The detective pushed me hard to remember any identifying factors even down to the color of his hat. I did my best. He plugged all the things into their database and presented me with a stack of matching profiles. He emphasized that the perpetrator very well might not be pictured, and that this was more for me to find similar features or the off chance that he was in the stack. The features I recalled were generic: Black, average height, average build, a little gaunt, grayish stubble. I think he was wearing a beanie. I clicked through dozens of mugshots of middle-aged Black men. None made my nose quiver so I assume his picture was not in the stack. Still the detectives did surprise me with their efforts, and they called me back a few days later to meet with a sketch artist.

The sketch artist was by far my favorite cop, if I had to name one. But in his office, again I was presented with a stack of pictures. This time it was just their collection of mugshots—Polaroids from what looked like the last several decades. The point was for me to find features that looked similar to my perp’s so I could show the sketch artists and he could come up with a composite sketch. All the detectives acknowledged the slim chances we would ever find this guy, but they certainly make it look like you are the guest star in this week’s Law & Order, and they will, in fact, find this guy. I know this is probably not everyone’s experience. And I’m not saying that to say it was a positive experience for me. I’m saying the whole time I was shocked that they did put in this much effort, and also I wish they didn’t.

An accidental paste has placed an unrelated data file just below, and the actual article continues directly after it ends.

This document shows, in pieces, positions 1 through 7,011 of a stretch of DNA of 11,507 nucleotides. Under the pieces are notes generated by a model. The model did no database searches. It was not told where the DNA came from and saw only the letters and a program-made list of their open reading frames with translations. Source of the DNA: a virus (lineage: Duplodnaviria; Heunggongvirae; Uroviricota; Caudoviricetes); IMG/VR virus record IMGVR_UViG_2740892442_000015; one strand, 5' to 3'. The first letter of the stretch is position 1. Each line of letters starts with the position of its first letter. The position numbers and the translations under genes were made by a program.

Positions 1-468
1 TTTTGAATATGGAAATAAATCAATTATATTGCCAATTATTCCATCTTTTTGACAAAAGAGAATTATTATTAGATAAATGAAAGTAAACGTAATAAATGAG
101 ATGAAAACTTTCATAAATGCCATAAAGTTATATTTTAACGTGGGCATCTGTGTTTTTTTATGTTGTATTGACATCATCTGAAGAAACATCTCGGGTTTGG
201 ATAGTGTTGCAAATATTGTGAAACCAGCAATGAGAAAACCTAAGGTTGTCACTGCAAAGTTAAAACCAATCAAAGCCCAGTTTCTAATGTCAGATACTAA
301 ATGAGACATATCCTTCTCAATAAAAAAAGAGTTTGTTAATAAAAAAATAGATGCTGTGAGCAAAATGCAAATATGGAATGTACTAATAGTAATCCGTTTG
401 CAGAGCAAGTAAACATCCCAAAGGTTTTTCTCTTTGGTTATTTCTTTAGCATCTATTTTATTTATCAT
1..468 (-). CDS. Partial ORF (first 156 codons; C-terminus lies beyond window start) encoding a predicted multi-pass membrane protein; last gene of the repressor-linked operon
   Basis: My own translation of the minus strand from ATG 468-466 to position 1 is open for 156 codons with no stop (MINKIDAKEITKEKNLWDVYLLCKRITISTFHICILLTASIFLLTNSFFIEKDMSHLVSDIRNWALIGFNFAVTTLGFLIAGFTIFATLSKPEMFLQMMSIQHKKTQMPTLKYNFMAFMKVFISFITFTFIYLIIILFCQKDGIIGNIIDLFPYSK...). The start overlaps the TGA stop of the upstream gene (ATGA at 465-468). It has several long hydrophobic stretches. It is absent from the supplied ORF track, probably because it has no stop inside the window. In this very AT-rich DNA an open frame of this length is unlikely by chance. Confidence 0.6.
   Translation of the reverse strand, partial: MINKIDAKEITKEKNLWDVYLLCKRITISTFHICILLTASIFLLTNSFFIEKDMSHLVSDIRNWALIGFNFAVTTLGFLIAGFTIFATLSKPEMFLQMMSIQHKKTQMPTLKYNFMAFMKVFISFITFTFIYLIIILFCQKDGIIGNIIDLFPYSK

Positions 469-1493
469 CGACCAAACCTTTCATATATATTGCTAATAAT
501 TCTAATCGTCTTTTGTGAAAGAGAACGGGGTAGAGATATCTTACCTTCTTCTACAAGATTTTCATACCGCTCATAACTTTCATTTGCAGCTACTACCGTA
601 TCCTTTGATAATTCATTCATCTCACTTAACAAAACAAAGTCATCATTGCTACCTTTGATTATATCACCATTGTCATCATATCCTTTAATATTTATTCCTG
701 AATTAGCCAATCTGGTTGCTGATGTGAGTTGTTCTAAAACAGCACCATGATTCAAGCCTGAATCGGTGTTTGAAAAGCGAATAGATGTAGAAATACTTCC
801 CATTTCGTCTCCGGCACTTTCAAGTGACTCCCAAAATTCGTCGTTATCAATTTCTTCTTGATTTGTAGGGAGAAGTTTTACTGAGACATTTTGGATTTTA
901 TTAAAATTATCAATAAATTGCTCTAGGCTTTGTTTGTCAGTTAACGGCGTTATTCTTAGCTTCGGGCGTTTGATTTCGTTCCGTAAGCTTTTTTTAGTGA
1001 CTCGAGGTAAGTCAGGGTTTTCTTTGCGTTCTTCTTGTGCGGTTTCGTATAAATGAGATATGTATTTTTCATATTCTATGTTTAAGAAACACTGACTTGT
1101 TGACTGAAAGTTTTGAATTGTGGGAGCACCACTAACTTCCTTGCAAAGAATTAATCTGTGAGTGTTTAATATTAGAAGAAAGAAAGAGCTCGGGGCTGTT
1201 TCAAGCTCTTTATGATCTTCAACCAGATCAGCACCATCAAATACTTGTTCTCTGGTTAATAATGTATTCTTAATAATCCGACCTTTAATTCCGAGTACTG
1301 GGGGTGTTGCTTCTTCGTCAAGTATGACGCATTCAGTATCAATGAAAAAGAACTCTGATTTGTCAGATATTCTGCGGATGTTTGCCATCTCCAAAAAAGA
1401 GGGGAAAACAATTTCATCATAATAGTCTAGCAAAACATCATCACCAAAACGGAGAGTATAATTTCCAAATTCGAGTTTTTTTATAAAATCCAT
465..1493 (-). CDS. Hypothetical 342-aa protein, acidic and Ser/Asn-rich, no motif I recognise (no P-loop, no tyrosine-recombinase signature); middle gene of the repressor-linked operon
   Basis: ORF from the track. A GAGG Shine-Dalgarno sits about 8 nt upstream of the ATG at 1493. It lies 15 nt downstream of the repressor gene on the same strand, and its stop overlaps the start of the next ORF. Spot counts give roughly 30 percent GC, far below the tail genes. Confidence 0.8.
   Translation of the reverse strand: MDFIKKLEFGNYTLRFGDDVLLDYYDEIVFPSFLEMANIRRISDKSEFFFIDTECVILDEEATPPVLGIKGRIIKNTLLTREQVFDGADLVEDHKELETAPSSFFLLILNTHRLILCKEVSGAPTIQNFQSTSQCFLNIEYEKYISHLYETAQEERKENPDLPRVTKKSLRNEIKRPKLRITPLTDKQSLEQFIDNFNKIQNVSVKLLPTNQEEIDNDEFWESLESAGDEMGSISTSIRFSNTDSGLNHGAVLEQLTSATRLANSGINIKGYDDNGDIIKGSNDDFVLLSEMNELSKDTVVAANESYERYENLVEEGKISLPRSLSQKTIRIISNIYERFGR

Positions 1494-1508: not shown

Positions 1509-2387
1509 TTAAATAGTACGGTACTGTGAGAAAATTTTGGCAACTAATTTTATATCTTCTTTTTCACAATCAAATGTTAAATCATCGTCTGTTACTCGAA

I’ve never been called back to the police station to identify the guy, so I’m sure they didn’t find him, and again, I’m okay with that. What would it solve? I’ve thought about what I would want to happen—I do believe in justice and that this person committed an injustice against me. But what punishment would be appropriate? This is clearly a person that needs some kind of reforming. Judging by his appearance, I did assume he was struggling with homelessness—why? Is there mental illness at play? Has he himself been the victim of abuse? A victim of violence? He didn’t attack me in order to hurt my career, he didn’t take my money, he didn’t even intend to really physically hurt me in the first place, I don’t think. But something happened in his life or in his mind to make him think it was ok or he was entitled to touch me, and sending him to prison was not going to change that.